英語故事:女王和老鼠
文章來源:未知 文章作者:enread 發布時間:2020-02-08 09:01 字體: [ ]  進入論壇
(單詞翻譯:雙擊或拖選)
很久之前,有個王后和她的小女兒被囚禁在一個高塔里,過得很艱苦。后來來了一只老鼠,總是變出美味的食物給她們吃。王后一直想送自己的女兒出高塔,而下面的老婦人說可以幫她這個忙,但是需要老鼠做為回報。王后拒絕了這個要求……
Once upon a time a wicked King from a faraway country invaded the land where a Queen ruled. The invader1 King captured the Queen and her baby daughter as prisoners. When he returned to his kingdom, he shut them both into the highest room of a tall tower. The room was very tiny and bare, with only one table and a very hard bed.
 
Then the enemy King sent for a fairy who lived near his kingdom. He nearly pushed the Fairy up the stairs to the Queen's room. The Fairy was touched by the sight of the Queen's miserable2 condition.  When she kissed the Queen's hand, the Fairy whispered to her, "Courage, madam! I think I see a way to help you."
 
The Queen whispered her thanks. Then the wicked King cried harshly, "Silence!"  He turned to the Fairy. "I brought you here for one reason and one reason only. Tell me this: Will this baby girl grow up to be a worthy3 bride for my son?"
 
The Fairy answered that indeed, the Princess would grow up to have all the graces, intelligence and charms that was in every way worthy of a throne. The old King growled4 to the Queen that it was lucky for them both that the Fairy had said it would be so. He would save the baby's life to become the future bride for his son.  From the highest room of the tower the Fairy and Queen could hear the King's son shrieking5 and demanding that his servants do this and that from way down below, his mean voice carrying over all other voices and noises. The King thundered that if the Fairy had made a different forecast, both the baby and her mother would immediately have been hanged. Then he stamped off, taking the Fairy with him, and leaving the poor Queen in tears.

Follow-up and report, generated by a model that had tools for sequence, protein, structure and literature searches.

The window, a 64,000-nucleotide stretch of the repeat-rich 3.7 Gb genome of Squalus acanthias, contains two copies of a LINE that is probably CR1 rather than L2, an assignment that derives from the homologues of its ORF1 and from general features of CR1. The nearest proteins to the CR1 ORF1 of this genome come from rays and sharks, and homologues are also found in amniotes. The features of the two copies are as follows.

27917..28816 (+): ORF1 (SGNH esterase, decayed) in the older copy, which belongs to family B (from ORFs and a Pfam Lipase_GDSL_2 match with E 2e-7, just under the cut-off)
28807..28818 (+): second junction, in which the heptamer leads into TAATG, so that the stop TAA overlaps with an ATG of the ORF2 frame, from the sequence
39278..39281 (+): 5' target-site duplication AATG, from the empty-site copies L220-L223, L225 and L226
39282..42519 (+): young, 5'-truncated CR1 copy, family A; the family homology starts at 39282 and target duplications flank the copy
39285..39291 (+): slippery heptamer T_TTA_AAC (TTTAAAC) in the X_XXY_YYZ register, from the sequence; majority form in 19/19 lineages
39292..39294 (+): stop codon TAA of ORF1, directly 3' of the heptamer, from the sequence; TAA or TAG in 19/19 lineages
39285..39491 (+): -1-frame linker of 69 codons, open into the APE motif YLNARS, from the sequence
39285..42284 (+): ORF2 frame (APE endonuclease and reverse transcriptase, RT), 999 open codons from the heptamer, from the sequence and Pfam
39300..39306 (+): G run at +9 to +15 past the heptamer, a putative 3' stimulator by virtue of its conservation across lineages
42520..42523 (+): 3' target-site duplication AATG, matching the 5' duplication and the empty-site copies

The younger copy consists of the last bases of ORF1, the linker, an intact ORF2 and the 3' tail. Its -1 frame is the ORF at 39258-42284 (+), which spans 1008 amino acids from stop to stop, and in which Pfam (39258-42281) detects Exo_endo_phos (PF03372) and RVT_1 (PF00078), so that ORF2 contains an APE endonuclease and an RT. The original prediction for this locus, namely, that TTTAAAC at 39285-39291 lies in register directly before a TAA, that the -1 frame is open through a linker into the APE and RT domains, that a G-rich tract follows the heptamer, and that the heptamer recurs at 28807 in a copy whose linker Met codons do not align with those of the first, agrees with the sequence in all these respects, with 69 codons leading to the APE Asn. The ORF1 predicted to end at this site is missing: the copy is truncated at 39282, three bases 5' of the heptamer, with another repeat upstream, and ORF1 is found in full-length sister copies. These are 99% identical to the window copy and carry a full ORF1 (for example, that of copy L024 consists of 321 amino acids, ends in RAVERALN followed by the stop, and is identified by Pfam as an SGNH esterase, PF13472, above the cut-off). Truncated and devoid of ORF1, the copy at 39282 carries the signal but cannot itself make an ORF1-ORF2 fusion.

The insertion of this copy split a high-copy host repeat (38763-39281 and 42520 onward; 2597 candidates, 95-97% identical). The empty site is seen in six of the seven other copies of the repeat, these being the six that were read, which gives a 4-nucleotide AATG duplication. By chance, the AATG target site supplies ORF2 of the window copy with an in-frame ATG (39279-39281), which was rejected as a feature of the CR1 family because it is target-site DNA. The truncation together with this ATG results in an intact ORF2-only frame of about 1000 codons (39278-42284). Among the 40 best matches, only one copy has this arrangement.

"How can I wish my little daughter to grow up, only to be married to that horrid6 King's son!" she cried. "And yet if she were ill-fated, we would both be doomed7 right now. If only I could hide her away somewhere, anywhere! There must be someplace safe where the cruel King could never find her." But where could the infant be hid, since they were both stuck in that tiny room at the top of the tower?
 
As the days went on, the Queen and the little Princess grew thinner and thinner.  Forvery day, their hard-hearted jailer gave them only three boiled peas each to eat and a tiny morsel8 of black bread, so they were always terribly hungry. At last, one evening, as the Queen sat at her spinning-wheel - for she was also made to work day and night - she saw a tiny, pretty little mouse creep out of a hole. She said to the mouse, "Alas9, little creature! Why are you coming here? We have only three peas each per day.  So unless you wish to starve I'm afraid you must go elsewhere for your food."
 
But the mouse ran hither and thither10, and danced and twirled so prettily11, that the Queen clapped and laughed with joy.  At last she gave the mouse her last pea, which she was keeping for her supper, saying, "Here, little one. I'm sorry I've nothing better to offer you.  Your fine dancing deserves far more than this wrinkled little pea."
 
She had hardly spoken, when upon the table appeared a succulent roast partridge and two dishes of preserved fruit. Amazed was she! Quickly the Queen mashed13 a portion of the meat and fruit and spoon fed her baby, who licked each spoonful with glee. Then the Queen ate with great satisfaction herself, and offered what was left to the little mouse.  The mouse danced even more charmingly than ever before.
 
The next morning the jailer brought the Queen and the Princess' daily allowance of three peas each, which he brought in upon a large dish to make them look even smaller. As soon as the jailer left, the Queen gave the mouse all three of her peas.
 
The empty dish was instantly covered with all sorts of wonderful things to eat, and the Queen shared a feast with her daughter once again. But afterwards, as she sat at her spinning-wheel, she began to worry that the fine meals could end any time, and even if they didn't, that her precious daughter was doomed to live as a prisoner, only to be forced to marry that horrid prince when she grew up.